I put a small dab of nail polish next to the two flaws. I didn’t want to get too close with the nail polish brush in case it touched the good part of the heart design. Then, with a toothpick, I carefully worked the nail polish towards the flaws until I had them covered.
A pretty good fix! Now, this particular thrift store dish (of which there are two), is meant to be a candy bowl, so it’s never going to see any heat. I don’t know if my nail polish trick would work on a baking dish. I’ll have to try it out to see.
Our experiments with etching thrift store (and non thrift store) baking dishes was a great success, and despite our many setbacks, Handan and I had a blast making them. I have a blast doing any craft with my babes. Making is just better when you share it with someone you love! Let’s have a look at some of our baking dish makeovers!
The Giving Dish
Last, but definitely not least – here is our Giving Dish.
I had to send it out in the wild, but I wasn’t quite prepared to bake a pie. But who says you can’t use a round dish to bake a traditionally rectangular treat, right?
Introducing the Reese’s Peanut Butter Cup Crunchy Chewy Brownie…baked in a pie dish.
If you like your brownies a little crispy on top with a gooey-chewy middle, this recipe is for you!
Handan and I delivered this very first Giving Dish to our neighbors across the street. Beth accepted the handoff from Handan.
Little Charlie wouldn’t stop staring at me. I think he was expecting a treat of his own!
I guess next I’ll have to make a Doggie Giving Dish!
1Some of you may have realized that my Giving Dish idea is pretty similar to something called “the giving plate.” What can I say? I came up with an idea I was so proud of and excited for, and then I Googled it…only to find out I wasn’t the first to have the idea! Oh, well, it’s the sentiment that counts, right? 🙂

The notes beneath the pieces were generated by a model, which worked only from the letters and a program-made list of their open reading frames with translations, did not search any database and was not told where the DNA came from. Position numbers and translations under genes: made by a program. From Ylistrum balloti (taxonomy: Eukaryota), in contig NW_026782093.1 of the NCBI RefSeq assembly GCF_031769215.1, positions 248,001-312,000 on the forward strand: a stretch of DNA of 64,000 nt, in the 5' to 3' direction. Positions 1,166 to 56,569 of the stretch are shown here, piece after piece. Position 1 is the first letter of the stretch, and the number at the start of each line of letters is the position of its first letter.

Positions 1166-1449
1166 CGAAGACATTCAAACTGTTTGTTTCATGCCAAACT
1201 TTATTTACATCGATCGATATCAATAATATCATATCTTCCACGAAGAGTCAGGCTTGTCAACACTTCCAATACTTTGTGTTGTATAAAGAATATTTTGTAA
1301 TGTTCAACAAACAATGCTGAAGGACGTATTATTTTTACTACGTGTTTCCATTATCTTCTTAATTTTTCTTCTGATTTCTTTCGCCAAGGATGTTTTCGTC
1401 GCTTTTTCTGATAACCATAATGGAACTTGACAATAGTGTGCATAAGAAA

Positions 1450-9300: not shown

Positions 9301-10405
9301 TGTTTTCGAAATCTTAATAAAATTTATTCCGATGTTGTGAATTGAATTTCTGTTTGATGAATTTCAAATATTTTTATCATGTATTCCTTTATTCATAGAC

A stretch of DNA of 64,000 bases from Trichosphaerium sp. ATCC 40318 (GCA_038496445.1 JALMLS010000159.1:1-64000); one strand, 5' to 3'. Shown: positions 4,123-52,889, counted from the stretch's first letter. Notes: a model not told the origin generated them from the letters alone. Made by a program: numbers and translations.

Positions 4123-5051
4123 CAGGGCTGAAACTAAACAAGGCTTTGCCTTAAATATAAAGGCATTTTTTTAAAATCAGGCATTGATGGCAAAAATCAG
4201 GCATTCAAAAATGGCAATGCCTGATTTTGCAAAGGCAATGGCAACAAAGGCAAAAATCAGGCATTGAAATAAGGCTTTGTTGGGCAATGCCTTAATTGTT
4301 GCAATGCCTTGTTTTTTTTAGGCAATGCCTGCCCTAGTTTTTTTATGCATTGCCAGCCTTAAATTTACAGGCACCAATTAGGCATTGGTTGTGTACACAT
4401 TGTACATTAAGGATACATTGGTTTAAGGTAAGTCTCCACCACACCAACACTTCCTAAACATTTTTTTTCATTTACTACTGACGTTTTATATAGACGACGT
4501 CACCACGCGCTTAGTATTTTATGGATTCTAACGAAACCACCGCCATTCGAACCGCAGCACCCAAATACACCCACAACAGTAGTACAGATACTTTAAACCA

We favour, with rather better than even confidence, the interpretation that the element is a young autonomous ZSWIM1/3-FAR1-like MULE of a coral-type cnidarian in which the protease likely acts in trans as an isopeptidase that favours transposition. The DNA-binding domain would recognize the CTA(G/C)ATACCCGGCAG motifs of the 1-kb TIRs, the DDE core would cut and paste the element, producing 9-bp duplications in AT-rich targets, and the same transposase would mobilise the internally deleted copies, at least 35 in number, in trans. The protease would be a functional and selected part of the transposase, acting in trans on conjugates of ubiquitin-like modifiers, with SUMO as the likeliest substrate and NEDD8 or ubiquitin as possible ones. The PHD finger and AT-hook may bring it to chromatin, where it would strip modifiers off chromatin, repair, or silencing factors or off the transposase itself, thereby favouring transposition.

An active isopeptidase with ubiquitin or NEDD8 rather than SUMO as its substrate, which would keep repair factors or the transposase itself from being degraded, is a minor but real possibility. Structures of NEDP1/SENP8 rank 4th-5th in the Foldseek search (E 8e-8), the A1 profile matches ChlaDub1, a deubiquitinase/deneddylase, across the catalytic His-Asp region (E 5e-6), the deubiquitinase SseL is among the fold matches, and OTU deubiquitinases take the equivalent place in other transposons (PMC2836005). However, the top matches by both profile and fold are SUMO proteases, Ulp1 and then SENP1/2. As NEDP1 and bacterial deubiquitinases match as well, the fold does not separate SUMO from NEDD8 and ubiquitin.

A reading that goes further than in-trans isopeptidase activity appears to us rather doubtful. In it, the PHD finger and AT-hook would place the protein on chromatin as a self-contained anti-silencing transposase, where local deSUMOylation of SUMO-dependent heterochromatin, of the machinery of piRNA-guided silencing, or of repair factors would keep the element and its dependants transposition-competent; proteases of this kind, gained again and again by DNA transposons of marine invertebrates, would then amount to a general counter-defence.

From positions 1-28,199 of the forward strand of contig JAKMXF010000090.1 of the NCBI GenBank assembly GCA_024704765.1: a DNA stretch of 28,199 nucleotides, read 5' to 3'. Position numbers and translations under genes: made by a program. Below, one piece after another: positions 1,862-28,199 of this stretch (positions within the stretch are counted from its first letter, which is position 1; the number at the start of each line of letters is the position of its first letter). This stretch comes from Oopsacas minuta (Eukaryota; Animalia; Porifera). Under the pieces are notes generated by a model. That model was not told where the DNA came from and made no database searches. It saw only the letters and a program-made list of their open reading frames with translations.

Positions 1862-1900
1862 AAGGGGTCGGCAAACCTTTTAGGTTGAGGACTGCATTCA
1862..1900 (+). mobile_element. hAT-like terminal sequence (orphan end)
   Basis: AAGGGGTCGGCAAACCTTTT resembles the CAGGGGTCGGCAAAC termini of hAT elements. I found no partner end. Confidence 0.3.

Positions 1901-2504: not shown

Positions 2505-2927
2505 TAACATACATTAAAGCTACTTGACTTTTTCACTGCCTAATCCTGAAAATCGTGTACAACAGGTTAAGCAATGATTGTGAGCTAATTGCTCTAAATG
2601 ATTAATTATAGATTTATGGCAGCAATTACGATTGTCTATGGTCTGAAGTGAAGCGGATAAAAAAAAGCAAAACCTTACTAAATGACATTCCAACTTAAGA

FREE Baking Dish SVG Files
We created today’s FREE Baking Dish SVG designs as JPG, PNG and SVG files which are resizable and compatible with Cricut and all other cutting machines.
Now go ahead and click on the button below to download today’s freebies – they are all in the “SVGs – Stencils” and “For The Kitchen” section of The VIP Patch.
If you’re not a Navage Patch VIP, you won’t be able to access our Freebies Library. But that can be easily fixed! Subscribe for free on the form below and become a Navage Patch VIP. Once you subscribe, a password will be sent to you in our Welcome email, and that will give you access to The VIP Patch [Freebies Library]. If you didn’t receive our Welcome email, can’t find the password or have any other questions on this process or on our free printables, please check our Printables FAQ page.